Zero Waste Challenge: Clothing in the U.S.
Elizabeth Mearns
North America;U.S.

In this section of CGTN's #ZeroWasteChallenge, we asked our four volunteers from four continents to tell us about their local culture around clothing – which is, perhaps surprisingly, one of the biggest producers of global waste. 




Welcoming the watching world into his closet for this part of the #ZeroWasteChallenge, our U.S volunteer Zach Danz suddenly has a realization: "Maybe it looks like a ton of stuff." 

But some of his impeccably organized wardrobe is recycled – "Do I like to get second hand clothing? Actually, yes, I do" – and like a good circular economy, it works the other way too, when he thins out his clothes and gives the excess away: "I like to make donations to second-hand shops."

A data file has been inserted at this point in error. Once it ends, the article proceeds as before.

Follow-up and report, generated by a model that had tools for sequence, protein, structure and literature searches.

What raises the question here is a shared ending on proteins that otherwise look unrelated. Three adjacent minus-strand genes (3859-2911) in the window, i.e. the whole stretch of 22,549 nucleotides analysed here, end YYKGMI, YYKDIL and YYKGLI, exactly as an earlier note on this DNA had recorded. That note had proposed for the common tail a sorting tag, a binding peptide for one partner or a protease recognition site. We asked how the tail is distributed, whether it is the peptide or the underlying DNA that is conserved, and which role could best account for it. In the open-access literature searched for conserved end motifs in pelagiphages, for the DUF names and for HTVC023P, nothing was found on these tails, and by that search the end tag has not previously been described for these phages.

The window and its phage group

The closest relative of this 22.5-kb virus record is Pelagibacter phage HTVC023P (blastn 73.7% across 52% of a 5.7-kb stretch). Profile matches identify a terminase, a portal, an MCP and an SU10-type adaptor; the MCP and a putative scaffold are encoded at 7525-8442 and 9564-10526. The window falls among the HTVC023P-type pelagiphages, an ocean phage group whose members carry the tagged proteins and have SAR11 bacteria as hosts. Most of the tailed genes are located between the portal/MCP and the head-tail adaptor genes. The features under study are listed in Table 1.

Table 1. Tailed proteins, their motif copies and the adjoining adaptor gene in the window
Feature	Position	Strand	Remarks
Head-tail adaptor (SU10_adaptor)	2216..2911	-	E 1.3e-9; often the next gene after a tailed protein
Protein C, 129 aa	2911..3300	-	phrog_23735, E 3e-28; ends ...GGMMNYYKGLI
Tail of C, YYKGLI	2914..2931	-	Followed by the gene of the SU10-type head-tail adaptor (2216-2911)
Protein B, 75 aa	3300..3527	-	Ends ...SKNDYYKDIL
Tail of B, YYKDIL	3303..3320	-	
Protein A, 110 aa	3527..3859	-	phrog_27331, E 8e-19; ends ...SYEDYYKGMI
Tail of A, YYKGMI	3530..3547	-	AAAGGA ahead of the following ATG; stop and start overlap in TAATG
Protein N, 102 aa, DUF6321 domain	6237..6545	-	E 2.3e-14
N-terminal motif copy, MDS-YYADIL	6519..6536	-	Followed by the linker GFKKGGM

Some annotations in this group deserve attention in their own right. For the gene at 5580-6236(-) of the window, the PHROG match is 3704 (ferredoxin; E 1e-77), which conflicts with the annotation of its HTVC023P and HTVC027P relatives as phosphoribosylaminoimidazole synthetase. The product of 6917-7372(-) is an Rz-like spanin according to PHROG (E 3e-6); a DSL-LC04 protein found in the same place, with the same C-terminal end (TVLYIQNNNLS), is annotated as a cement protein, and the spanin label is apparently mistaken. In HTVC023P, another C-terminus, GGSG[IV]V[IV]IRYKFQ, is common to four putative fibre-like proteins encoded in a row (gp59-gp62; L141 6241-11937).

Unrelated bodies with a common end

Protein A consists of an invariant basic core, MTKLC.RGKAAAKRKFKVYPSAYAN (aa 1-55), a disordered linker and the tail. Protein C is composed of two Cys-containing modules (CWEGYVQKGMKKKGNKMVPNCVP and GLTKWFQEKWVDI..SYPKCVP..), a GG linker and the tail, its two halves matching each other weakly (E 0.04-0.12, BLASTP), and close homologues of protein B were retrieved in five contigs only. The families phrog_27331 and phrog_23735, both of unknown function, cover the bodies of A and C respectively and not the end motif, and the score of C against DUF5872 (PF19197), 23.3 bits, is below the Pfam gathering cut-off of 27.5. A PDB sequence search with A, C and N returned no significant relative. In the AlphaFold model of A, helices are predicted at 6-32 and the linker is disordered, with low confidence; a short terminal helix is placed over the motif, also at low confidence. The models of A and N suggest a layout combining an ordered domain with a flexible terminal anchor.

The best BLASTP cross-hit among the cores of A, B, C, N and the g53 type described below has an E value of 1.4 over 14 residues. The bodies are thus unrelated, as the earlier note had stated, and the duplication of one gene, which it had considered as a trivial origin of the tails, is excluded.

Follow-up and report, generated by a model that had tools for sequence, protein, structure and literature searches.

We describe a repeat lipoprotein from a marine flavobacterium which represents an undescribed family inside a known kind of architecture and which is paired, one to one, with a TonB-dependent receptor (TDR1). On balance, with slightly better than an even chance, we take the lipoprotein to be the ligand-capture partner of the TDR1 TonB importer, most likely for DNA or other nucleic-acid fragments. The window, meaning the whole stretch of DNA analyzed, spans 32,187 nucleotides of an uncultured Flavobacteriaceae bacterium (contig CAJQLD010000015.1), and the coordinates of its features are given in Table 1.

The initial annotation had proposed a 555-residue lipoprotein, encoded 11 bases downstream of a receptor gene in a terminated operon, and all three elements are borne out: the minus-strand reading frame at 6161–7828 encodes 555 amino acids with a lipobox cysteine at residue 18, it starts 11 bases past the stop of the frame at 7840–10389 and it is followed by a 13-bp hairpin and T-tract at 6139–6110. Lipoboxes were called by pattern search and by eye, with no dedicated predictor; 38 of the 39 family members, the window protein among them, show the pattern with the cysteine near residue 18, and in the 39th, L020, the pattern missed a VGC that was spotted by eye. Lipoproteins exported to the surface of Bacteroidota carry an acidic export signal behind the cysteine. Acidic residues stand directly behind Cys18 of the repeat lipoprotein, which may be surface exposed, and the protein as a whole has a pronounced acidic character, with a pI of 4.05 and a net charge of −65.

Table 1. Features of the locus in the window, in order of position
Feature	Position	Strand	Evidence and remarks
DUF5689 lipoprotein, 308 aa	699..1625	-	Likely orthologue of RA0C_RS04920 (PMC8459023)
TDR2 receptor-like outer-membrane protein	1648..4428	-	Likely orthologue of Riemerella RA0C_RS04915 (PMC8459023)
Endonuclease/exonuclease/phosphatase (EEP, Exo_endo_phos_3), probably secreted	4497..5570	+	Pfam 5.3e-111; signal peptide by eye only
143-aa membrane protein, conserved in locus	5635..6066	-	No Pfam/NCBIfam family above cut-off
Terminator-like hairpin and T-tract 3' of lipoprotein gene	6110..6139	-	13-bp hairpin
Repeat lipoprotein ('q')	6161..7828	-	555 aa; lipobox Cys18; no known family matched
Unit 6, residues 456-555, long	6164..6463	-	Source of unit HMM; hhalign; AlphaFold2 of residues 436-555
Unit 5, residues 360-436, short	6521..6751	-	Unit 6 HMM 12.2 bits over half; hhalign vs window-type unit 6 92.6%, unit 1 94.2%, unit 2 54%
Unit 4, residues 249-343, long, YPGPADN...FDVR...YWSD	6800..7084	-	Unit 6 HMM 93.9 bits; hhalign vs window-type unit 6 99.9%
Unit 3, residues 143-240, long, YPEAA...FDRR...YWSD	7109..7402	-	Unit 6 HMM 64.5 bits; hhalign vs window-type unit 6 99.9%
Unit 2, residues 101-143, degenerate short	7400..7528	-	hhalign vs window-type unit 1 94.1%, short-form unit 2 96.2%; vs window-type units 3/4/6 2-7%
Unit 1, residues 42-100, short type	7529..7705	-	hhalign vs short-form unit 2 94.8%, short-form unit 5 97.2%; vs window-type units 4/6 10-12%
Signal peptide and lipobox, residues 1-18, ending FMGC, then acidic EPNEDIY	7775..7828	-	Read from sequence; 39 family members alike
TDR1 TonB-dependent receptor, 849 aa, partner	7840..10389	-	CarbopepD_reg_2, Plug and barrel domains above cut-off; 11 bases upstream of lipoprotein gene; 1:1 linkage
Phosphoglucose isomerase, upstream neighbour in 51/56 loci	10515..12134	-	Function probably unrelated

That can be done by putting bagged-up clothes in special recycling dumpsters, but Zach also likes to donate personally at the local goodwill stores, as the Americans call second-hand shops whose profits go to charity. 




"Goodwill sells clothes for a much, much cheaper price than you would get somewhere else," says Zach. "There's a lot more stuff for women, but still for men, there's some pretty good stuff. I can't guarantee that the quality of all of them is very good, but some of them, I must say, look perfectly good.

"I'm not going to lie to you and tell you that I do all of my shopping or even most of my shopping at goodwill, but it's nice to know that places like this exist. In general, most Americans go to places like H&M, Gap – fast fashion, higher quality stuff. Places like goodwill could be a step in the right direction – at least it's helping reduce waste and landfill."


This story is part of CGTN's #ZeroWasteChallenge as four people on four continents reveal how sustainable their country's culture is.

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